When I first wrote the opening sentence of this post - about what happened in Charleston yesterday - I initially used the word "tragedy." There's a theatrical connotation to that word, though, that simply is not appropriate here. Where tragedies involve sadness and loss of life, there's an implication that either acts of God or human negligence, as opposed to malfeasance, drove the event.
I don't think as a middle class white man there's any way I can truly empathize with the plight of people of color. And it strikes me as insensitive to even try. I have a lot of thoughts on the glorification of the Confederacy (it wasn't a civil war, it was a rebellion. And it was put down, as it should have been. We're celebrating criminals, not heroes), access to firearms (asking everyone to pass a background check while not having any other restrictions on ownership is reasonable), racism (it's too easy in America to surround yourselves with people like you that the "others" become inhuman), and mental health treatment. None of those thoughts, though, can speak to what happened this past week:
Speaking the unspeakable, thinking the unthinkable
When America needs a voice, more often than not it should be Charlie Pierce.
Lebron James: the greatest loser ever
I know he didn't want to be the MVP, and that wish was granted, but damn if Lebron wasn't amazing during the finals. His continued personal brilliance, while being stuck on teams that just aren't good enough to win championships despite his presence, has FiveThirtyEight asking: is Lebron the greatest loser ever?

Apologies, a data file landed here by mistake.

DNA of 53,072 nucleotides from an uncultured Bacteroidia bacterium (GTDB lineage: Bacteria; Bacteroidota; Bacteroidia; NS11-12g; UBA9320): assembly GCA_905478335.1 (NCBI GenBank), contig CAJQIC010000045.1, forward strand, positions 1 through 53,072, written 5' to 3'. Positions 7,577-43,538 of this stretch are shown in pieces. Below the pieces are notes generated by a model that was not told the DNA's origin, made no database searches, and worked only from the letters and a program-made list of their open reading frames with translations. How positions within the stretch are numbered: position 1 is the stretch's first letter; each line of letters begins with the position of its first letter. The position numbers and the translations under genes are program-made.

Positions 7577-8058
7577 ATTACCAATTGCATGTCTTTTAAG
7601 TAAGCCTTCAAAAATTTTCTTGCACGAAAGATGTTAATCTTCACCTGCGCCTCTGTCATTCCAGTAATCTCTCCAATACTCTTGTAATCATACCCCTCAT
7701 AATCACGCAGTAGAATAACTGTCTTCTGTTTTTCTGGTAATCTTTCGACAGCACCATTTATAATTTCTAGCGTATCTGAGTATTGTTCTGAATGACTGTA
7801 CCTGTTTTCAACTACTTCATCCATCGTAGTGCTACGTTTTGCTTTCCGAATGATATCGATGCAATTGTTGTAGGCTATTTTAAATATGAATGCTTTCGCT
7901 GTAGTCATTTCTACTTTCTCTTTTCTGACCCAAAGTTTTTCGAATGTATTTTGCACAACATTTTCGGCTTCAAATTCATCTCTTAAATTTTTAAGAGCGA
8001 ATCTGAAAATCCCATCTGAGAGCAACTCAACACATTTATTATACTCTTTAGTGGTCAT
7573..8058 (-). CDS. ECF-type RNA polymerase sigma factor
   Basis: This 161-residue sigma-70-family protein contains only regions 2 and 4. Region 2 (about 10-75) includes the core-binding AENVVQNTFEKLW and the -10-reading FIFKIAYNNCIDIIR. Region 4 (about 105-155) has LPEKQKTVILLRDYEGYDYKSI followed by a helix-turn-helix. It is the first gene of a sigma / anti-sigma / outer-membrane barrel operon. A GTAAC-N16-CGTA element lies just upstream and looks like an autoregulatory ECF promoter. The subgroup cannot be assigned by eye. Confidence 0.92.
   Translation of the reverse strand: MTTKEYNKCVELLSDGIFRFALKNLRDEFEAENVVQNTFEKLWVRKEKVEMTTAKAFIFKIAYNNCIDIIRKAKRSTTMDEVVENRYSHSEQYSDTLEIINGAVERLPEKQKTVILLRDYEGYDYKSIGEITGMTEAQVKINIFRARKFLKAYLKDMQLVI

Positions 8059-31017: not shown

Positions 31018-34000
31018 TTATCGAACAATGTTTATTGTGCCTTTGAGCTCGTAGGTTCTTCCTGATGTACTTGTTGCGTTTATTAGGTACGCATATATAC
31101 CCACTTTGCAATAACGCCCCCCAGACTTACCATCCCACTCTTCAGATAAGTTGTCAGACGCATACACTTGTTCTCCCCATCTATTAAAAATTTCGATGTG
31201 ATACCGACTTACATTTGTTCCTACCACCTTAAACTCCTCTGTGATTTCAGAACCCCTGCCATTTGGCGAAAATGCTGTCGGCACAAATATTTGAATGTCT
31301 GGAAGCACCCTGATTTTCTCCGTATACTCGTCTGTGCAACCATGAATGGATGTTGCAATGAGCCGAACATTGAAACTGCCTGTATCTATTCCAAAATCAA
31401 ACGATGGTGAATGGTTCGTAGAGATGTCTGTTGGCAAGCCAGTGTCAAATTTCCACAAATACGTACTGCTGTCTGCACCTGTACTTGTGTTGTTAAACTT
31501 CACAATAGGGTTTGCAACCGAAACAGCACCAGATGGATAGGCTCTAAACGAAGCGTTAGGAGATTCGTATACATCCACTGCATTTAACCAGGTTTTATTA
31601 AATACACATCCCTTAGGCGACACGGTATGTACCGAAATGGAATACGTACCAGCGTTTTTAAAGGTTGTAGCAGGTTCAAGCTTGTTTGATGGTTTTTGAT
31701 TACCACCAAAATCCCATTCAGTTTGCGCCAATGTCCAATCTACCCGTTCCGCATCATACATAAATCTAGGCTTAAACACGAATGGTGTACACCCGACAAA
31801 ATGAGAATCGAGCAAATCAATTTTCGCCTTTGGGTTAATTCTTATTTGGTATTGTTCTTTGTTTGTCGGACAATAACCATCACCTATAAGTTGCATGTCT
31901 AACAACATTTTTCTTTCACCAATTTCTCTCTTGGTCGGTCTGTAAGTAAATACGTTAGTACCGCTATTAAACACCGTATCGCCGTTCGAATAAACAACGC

What overparenting looks like to a Stanford dean
Julie Lythcott-Haims was a dean at Stanford for a decade, and in her time there noticed a disturbing trend of parents being involved in their child's education to an uncomfortable extent. She looks at a number of factors, including fear, to try and determine where we started being so protective of our children - and what we can do to make them more independent.
Startups love Moleskines
Yes, I'm a Moleskine junkie. I order custom ones for Woden, and I've been carrying one in my jacket pocket for a few years. Apparently I'm not alone! The New Yorker writes about why in a digital world, so many of us love the tactile experience of writing in a good notebook, and espouses the benefits of doing so for listening and retention of information.
We don't sell saddles here.
This post is actually over a year old, but it was sent to me by someone on LinkedIn this week. It's a long memo from the leadership at Slack to the team on the eve of the product's launch. It provides great insight into the way successful entrepreneurs think, and what they're paying attention to (and want their team paying attention to) when it's time to go to market.